Adventure (Teen), Dystopia (Teen), Series, YA Fiction

Ashen Winter by Mike Mullin – Ashfall #2

After reading Ashfall, the first book in this unique dystopian series, I found myself eager to discover what would happen next in the lives of Darla and Alex. It took me some time to get to this next book, but once I got into the story, I finished the book in mere hours. So here is my review:

6 months after the eruption of the Yellowstone supervolcano, Alex and Darla are staying with Alex’s relatives on the farm. It’s also been 6 months of waiting for Alex’s parents to return from Iowa. Enough time has gone by that Alex and Darla decide to venture on their own to find Alex’s parents and bring them to safety. But the landscape has changed since their last foray; things are more vicious, and settlements are more prone to violence as food becomes scarce.  As Alex and Darla try to survive, they begin to wonder if they will ever make it back at all.

Just like Ashfall, this novel is packed with adventure. There is not a boring minute in this story and I was racing through the pages as Alex and Darla find themselves in one dangerous situation after another. Like seriously. They go through a lot. To the point where I found myself overwhelmed by how terrible their journey was. While having a lot of action can be a good thing, it served to make me feel exhausted in this case. There was just a bit too much of it. I don’t need to have my main characters constantly getting in terrible situations; it’s okay for them to get a break or have some luck!

I also found that each chapter ended in a cliffhanger. I found that to be a bit irritating after a while. The story itself has so much going on for it, and I just want to get to the parts, without having this cliffhanger effect on every single chapter.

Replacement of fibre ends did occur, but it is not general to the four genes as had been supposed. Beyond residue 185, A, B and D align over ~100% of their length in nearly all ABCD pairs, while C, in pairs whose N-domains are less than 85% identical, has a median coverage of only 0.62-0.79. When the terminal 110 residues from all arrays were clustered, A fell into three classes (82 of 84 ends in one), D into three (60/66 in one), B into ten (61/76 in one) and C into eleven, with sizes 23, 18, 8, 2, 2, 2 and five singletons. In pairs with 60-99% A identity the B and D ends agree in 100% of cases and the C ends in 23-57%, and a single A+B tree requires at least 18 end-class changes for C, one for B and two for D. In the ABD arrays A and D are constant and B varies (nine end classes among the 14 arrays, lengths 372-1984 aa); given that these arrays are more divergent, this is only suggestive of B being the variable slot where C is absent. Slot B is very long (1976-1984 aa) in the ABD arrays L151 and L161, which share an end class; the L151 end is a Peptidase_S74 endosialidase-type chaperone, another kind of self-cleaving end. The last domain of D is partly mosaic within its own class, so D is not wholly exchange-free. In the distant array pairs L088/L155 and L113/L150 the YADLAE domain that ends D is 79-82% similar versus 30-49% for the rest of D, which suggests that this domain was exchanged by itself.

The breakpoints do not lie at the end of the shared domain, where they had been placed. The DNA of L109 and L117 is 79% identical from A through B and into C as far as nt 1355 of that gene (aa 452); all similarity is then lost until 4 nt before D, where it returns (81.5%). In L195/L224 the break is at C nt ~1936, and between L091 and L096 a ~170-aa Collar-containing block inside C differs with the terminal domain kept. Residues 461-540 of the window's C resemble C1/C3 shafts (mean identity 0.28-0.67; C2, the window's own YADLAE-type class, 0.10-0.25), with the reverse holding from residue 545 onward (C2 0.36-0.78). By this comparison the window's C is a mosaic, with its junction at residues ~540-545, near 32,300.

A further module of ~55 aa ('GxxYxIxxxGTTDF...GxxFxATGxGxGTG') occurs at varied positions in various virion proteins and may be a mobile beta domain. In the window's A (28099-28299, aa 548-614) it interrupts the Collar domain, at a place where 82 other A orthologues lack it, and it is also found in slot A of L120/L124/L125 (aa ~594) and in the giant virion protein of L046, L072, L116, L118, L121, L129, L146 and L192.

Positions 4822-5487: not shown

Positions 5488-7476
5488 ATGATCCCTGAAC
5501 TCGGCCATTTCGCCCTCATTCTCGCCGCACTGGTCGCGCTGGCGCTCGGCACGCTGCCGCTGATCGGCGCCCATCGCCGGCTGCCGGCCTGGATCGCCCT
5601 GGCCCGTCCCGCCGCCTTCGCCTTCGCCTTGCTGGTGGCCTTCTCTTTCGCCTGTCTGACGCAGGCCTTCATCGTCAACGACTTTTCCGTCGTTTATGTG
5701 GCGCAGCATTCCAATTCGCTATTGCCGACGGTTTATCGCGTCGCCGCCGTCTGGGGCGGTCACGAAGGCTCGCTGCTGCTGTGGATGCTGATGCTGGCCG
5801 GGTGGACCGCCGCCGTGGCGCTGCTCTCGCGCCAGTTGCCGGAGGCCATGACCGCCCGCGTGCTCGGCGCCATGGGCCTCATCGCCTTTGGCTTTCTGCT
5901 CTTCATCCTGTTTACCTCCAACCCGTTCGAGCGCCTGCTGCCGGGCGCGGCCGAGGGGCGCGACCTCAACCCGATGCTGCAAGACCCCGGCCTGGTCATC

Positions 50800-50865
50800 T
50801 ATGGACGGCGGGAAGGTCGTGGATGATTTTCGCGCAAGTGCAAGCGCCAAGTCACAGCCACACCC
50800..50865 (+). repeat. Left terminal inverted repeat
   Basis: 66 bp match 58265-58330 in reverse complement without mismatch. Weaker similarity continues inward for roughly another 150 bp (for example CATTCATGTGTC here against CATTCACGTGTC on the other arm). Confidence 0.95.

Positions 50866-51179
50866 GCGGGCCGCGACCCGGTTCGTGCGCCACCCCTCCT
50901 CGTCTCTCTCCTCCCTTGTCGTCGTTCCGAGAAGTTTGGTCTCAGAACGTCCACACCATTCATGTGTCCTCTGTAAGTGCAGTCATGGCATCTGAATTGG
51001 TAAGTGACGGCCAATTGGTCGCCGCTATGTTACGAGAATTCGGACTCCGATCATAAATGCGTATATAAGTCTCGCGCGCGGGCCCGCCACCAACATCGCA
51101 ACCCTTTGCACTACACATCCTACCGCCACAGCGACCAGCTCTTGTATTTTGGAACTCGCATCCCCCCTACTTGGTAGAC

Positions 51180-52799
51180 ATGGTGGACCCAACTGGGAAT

The last thing that I didn’t really like was Alex’s character. He is just a bit too good. He doesn’t want to do anything that is violent or terrible, and he has this righteous judgemental vibe going on that really bothers me. He just doesn’t seem to have adapted to the situation. It made me really not like him. Another thing I found weird was the steadiness and maturity of the relationship between Darla and Alex. And when I say weird, I don’t mean it as a bad thing, just as an unusual thing. Darla and Alex are both teenagers but their love for each other is portrayed as being very deep and very romantic and meaningful. I don’t know any teenagers who are capable of having such a strong and mature relationship with someone, but I’m going to chalk it up to the fact that they have just gone through a disaster.

While this novel had its high points, I didn’t like it as much as its predecessor. There was an overwhelming amount of action, and not enough character development for my taste. The story itself and the writing was still very good, so I am definitely looking forward to the next book in the series!

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